I'm remodeling a bathroom in a house built in 1993 (Midwest USA). Apparently the plumbers didn't add shutoff valves under the main or master bathroom sinks... I've found plenty of instructions online for how to add a compression shutoff valve, but the plumbing under the sink goes from CPVC to copper, so I'm not sure if I should really install the fitting on the copper.

My question is; Should I install the shutoff on the copper?

Or should I use a CPVC specific shutoff and take the copper off completely?

My impression is that installing a compression fitting on the copper would be easier, but I don't know if that would be up to code in this situation.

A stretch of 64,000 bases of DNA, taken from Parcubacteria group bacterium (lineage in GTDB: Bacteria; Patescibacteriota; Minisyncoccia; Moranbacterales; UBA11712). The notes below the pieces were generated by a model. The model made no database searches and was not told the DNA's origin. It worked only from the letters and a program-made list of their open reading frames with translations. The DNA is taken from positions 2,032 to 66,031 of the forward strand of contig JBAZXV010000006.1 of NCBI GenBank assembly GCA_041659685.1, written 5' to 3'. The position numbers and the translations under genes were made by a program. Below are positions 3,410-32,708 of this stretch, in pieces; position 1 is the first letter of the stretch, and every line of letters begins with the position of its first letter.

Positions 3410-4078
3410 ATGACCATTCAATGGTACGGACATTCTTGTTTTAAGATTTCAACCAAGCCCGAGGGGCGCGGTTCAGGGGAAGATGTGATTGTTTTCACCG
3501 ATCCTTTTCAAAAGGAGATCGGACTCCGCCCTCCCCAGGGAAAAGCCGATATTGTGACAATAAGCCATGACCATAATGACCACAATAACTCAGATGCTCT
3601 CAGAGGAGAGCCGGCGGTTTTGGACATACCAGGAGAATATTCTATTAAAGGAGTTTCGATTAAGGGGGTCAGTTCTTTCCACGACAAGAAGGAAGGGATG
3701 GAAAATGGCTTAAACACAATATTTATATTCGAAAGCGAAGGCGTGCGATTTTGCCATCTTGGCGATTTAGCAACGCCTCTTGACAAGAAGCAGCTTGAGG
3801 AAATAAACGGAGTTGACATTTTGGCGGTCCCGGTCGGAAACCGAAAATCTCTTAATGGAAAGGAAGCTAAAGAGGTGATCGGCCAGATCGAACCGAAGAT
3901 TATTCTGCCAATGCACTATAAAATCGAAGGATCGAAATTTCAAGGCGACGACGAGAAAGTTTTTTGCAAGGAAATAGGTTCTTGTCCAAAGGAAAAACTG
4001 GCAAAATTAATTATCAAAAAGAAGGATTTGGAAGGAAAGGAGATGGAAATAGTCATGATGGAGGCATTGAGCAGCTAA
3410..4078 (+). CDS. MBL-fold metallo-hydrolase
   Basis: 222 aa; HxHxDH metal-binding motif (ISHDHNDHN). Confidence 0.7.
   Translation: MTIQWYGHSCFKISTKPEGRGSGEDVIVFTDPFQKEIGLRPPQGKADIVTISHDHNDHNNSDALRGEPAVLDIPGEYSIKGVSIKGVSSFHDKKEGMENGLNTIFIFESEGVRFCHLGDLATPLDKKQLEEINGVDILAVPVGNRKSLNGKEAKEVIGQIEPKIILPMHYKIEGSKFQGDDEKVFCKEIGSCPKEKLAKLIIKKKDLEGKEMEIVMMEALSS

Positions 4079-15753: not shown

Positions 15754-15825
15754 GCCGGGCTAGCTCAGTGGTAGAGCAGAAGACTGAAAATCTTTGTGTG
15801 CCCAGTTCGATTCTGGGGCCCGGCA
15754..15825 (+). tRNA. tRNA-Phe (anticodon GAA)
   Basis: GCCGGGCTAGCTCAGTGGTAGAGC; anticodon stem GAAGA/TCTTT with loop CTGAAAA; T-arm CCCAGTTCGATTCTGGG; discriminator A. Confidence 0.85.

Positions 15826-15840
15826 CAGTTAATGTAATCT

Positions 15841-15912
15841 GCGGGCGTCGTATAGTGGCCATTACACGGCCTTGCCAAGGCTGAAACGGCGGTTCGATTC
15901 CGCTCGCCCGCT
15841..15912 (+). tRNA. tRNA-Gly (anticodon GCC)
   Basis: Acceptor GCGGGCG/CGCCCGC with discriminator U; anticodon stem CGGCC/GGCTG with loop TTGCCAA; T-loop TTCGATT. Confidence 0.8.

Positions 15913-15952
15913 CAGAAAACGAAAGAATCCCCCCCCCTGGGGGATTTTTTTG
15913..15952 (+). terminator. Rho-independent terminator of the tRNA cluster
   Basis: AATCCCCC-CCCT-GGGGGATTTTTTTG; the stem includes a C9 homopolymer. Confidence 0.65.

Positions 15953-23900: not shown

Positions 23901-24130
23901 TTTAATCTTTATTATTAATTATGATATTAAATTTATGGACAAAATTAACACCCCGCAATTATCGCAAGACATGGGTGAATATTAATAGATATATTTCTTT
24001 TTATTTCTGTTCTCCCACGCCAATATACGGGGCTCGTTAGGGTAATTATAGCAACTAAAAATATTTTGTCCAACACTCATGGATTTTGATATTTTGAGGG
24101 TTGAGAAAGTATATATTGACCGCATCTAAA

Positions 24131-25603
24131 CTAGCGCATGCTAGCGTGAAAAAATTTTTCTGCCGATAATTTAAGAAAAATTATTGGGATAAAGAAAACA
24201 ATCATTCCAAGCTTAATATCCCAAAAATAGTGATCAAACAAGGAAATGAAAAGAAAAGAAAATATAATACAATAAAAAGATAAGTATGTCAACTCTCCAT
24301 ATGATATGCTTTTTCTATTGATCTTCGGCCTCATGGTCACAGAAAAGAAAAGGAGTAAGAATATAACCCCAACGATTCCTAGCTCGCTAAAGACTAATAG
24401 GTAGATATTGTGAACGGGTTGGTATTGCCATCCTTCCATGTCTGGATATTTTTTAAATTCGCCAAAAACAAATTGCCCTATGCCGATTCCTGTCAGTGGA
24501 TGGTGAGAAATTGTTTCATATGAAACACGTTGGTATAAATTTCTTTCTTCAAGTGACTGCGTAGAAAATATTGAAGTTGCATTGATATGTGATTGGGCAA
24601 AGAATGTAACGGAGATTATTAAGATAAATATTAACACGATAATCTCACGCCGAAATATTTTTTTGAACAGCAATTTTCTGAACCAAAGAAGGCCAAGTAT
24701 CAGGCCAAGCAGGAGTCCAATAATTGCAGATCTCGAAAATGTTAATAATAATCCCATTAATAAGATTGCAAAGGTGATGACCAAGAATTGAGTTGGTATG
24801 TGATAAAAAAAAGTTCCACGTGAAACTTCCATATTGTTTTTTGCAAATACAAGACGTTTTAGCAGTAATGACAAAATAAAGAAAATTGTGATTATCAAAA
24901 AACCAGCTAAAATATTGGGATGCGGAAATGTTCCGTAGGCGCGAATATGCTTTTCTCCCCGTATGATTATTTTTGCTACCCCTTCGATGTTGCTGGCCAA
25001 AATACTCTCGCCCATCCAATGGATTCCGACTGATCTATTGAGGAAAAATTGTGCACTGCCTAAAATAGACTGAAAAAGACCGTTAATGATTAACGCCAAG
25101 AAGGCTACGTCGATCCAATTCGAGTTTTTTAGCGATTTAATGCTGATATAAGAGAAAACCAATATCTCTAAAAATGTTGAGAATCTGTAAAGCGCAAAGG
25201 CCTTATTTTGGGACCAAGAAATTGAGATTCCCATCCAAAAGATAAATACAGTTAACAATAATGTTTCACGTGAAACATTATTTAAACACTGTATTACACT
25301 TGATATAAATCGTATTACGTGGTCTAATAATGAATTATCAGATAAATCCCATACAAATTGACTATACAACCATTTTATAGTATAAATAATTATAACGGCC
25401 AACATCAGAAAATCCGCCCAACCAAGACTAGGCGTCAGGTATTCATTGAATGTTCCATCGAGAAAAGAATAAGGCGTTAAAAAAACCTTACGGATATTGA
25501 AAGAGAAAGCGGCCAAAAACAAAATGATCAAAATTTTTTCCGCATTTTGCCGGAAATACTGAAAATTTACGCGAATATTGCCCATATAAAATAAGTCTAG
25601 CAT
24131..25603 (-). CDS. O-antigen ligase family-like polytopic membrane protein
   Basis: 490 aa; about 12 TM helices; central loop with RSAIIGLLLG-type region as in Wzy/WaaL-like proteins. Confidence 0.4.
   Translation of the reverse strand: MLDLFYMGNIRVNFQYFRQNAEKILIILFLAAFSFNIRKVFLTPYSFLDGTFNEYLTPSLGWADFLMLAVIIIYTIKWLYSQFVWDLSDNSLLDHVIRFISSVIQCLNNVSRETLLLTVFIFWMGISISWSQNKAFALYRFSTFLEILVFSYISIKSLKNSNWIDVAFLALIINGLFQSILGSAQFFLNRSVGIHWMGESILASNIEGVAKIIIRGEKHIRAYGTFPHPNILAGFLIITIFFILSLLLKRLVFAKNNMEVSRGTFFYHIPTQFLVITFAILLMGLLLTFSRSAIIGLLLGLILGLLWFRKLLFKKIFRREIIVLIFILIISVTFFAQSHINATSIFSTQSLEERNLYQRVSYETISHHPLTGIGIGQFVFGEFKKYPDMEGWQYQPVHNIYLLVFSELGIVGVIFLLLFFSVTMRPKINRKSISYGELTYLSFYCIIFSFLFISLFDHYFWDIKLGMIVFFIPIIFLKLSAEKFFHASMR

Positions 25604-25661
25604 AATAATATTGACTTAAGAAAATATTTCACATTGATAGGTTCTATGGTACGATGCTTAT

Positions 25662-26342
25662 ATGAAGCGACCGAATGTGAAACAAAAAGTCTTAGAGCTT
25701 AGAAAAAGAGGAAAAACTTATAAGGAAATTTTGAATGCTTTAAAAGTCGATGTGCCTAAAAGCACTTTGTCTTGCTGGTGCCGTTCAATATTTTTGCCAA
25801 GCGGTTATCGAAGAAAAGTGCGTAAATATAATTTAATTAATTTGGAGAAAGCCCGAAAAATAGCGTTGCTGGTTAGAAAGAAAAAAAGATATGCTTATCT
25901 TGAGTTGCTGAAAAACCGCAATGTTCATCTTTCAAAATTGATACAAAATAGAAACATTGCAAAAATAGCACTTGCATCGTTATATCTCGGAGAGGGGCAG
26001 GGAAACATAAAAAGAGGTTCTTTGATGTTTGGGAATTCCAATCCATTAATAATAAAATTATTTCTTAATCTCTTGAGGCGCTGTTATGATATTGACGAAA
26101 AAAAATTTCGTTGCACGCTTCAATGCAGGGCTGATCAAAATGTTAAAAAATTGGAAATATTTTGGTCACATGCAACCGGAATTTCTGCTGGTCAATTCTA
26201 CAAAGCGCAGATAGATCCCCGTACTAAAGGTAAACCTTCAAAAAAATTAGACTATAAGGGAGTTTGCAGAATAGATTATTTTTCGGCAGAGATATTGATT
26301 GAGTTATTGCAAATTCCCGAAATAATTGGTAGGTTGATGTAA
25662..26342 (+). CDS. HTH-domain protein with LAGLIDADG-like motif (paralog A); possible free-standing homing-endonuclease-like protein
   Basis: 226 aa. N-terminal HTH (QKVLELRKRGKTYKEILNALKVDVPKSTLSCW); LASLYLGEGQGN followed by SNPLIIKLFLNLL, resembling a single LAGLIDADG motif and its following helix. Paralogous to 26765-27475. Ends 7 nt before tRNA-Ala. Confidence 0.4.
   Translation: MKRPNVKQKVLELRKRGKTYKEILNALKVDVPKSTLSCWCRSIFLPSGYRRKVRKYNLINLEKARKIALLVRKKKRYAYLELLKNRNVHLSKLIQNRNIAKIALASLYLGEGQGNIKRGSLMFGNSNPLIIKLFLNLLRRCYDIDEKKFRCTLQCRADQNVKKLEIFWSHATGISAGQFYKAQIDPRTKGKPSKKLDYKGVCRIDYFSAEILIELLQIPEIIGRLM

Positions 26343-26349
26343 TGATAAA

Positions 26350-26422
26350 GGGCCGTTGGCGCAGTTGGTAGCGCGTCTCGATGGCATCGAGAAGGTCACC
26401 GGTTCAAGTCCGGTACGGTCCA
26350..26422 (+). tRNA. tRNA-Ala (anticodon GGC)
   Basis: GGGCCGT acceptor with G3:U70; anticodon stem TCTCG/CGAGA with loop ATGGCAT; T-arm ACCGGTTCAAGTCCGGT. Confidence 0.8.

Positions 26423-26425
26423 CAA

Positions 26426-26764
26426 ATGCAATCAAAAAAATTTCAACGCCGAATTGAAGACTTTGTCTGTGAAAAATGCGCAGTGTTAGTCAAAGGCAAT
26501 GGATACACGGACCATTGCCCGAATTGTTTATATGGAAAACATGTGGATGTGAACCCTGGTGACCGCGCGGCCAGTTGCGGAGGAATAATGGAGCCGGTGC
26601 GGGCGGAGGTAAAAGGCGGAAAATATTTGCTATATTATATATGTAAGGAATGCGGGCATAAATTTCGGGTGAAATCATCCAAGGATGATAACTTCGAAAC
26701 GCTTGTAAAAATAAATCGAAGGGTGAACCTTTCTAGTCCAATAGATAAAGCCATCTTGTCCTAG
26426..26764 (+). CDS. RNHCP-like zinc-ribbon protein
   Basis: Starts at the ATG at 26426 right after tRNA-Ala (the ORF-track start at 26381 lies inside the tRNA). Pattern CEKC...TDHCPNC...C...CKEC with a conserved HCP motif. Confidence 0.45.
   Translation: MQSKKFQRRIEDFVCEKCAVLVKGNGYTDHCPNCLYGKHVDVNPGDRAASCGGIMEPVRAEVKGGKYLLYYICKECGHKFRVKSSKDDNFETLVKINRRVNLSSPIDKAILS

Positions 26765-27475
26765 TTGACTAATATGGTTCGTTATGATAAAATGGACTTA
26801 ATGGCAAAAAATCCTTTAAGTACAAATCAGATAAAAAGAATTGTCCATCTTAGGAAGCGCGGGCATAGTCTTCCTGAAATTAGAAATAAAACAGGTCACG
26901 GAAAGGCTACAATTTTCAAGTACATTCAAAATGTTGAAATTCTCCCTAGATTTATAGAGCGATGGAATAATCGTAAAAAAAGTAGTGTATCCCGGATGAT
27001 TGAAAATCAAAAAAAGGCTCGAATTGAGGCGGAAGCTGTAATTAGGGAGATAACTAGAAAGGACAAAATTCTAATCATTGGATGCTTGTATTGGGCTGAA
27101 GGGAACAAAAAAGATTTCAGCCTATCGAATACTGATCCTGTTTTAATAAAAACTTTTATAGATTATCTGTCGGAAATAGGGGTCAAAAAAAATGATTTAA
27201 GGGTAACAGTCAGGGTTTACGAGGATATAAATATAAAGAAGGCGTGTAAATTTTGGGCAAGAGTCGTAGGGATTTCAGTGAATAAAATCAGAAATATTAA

plumbing under vanity sink

1 Answer 1


I would leave the copper attached to the CPVC, if taint broke don't fix it.

I would cut it down a little so your new valves are not so high, just below the drain pipe. You can use compression, solder or push to connect valves for 1/2" copper.

I would add support for the pipes, put a piece of wood horizontal on the wall and use copper pipe standoff's or straps to secure the pipes and keep them from flexing when using the valves.

  • Good advice, especially the bracing. Last thing you want is to worry about ripping it to pieces as you try to turn that stubborn little valve 10 years from now. Commented Apr 1, 2021 at 16:04

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